Factor premiums Factor premiums have been extensively documented in academic literature for over four decades. Factor investing today Systematic In the ensuing years, prominent institutional investors have publicly embraced more systematic approaches to portfolio allocation and security selection based on these insights.

Smart beta, quant and factor-based strategies Estimates of the amount of money invested in factor strategies vary from one source to another, ranging from USD 1 to 2 trillion globally in most cases. Figure 1: Smart beta adoption percentage by region. Table 1: Three key concepts The definitions of concepts such as quantitative investing, factor investing, or smart beta are far from set in stone.

Quant investing Quant investing can be defined as the use of quantitative data analysis and rules-based securities selection models to build portfolios in a systematic way. Factor investing Factor investing is a form of quant investing that is based on the exploitation of academically-proven factor premiums.

Smart beta Smart beta strategies explicitly target factor premiums and represent an alternative to traditional market capitalization-weighted indices beta. Source: Robeco To sum up, factor investing emerged from the first empirical tests of the CAPM in equity markets, in the s, to become a widespread investment approach nowadays.

Monthly email updates. Mark as read. Next chapter. This chapter shows: How factor investing fits between active and passive Why it is a proven concept Why so many investors have embraced it In recent years, active managers have been criticized over how much value they add relative to the fees they charge. Passive strategies But there are other concerns too.

Quantitative investment strategies Meanwhile, the rise of computational power and the ability to store and process an ever-greater amount of data at low cost have profoundly changed the way financial markets operate. Third way of investing The issues inherent in active and passive strategies have been instrumental in the rise of factor investing.

The Guide to Factor Investing. Figure 2: Factor investing: a third way of investing. A proven concept Why has factor investing become so popular over recent years? Previous chapter. The academic evidence for factor investing. This chapter explains: How factor premiums were discovered Which were the most important milestones for factor investing How current research goes well beyond equities and bonds CAPM Prior to the s, investors had very little understanding of the relationship between the risk and return of their investments.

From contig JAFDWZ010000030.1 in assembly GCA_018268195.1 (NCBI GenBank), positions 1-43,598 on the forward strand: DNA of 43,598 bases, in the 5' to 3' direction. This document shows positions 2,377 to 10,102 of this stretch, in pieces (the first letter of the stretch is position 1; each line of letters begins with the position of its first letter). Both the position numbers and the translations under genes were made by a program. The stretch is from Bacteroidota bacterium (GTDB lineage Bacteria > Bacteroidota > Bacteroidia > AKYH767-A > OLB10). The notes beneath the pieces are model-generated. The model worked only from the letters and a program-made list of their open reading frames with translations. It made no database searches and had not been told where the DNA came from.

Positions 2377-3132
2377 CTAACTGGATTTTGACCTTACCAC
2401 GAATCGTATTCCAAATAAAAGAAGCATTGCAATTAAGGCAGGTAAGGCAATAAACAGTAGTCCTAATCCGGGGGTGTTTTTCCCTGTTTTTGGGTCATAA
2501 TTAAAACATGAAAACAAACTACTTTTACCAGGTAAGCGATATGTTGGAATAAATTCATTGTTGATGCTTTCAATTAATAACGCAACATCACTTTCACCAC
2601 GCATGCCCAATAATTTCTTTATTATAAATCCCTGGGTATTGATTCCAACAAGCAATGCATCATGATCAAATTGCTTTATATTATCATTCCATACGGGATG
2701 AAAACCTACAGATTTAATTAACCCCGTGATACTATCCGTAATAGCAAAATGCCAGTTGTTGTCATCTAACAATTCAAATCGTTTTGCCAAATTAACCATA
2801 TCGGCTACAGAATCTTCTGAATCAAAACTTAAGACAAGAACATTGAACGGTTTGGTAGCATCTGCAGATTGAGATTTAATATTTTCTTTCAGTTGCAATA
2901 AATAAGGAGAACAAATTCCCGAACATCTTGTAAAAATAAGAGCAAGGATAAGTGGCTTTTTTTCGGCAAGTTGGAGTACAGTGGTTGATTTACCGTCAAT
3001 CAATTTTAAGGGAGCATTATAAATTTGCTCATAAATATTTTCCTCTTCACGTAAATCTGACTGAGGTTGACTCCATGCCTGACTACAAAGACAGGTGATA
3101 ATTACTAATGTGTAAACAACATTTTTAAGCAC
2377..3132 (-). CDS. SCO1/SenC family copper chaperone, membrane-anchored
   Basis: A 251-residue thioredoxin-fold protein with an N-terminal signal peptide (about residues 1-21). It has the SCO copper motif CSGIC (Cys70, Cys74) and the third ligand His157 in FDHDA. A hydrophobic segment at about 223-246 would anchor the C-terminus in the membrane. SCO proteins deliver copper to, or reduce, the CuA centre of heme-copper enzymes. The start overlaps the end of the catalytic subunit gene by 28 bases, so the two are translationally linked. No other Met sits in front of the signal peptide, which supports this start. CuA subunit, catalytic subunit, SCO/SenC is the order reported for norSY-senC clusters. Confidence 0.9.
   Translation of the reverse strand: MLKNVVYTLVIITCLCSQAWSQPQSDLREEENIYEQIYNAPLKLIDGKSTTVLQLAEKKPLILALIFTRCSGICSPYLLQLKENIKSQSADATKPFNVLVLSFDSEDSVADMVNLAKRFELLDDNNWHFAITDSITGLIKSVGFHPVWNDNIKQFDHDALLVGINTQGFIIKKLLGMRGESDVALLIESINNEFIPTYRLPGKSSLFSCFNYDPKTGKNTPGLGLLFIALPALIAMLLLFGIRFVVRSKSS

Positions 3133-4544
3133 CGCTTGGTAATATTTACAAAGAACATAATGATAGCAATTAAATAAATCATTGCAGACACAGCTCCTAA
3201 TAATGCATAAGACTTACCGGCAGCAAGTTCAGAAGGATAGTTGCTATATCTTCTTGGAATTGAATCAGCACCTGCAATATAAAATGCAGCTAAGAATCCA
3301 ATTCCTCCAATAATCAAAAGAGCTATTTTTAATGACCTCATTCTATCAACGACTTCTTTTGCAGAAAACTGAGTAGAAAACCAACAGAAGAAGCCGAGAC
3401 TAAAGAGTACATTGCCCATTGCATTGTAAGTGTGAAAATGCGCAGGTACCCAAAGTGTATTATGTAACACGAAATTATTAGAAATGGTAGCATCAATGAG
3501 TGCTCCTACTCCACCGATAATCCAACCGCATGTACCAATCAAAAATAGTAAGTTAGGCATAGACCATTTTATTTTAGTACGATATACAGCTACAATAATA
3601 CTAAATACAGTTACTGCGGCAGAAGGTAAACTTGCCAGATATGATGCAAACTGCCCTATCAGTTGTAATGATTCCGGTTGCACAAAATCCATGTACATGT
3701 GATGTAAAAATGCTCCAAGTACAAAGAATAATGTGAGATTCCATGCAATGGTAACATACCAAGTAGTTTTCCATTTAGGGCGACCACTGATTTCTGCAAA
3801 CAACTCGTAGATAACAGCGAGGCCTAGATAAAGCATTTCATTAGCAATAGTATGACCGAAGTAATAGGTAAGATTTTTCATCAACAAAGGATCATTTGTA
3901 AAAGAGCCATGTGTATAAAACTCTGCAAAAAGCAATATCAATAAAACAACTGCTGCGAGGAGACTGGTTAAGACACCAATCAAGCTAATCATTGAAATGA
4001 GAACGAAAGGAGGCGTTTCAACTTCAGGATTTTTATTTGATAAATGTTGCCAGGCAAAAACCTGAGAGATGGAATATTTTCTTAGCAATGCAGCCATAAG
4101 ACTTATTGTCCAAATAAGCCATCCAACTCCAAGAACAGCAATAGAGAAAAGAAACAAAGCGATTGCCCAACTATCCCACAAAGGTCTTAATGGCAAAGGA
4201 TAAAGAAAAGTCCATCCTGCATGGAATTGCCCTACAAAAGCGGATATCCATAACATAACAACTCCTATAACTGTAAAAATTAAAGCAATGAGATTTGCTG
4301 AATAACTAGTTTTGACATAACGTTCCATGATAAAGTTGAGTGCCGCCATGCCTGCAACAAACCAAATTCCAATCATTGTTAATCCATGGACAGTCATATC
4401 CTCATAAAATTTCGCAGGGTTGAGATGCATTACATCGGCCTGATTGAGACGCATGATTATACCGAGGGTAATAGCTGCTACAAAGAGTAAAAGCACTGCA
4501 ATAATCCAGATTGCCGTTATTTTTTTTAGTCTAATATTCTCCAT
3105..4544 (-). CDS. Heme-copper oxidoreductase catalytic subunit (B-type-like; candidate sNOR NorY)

From Fama-French to Norway Three-factor model By the middle of the s, it was becoming clear that a number of factors other than market risk needed to be considered, and alternative models were developed. Figure 4: Selected factor investing milestones for equities and bonds. Figure 5: Examples of concepts in the world of factor investing.

Source: Robeco Meanwhile, others only seem to work over short periods of time, or in a limited number of segments of the market. What to look for in a factor Actually, it is possible to reduce the number of anomalies included in the zoo down to a handful of truly relevant factors.

Number of strict requirements So how exactly should we choose which factors to invest in? Table 2. Requirements factors should meet Performing Producing better risk-adjusted returns than the broad market over the long term Proven Able to overcome any attempts within academia and in-house research to discredit its validity Persistent Observable in different markets, stable over time, and robust to different definitions Explainable Having a plausible economic rationale for its existence, with strong academic underpinnings Executable Implementable in practice and still outperform after the effects of trading costs and other market frictions Source: Robeco.

A handful of broadly accepted premiums So, which factors actually work? Value, momentum, low risk and quality Another consideration is that while the most common factors typically apply to all asset classes, some asset managers or index providers also have a slightly different list of relevant factors for each asset class.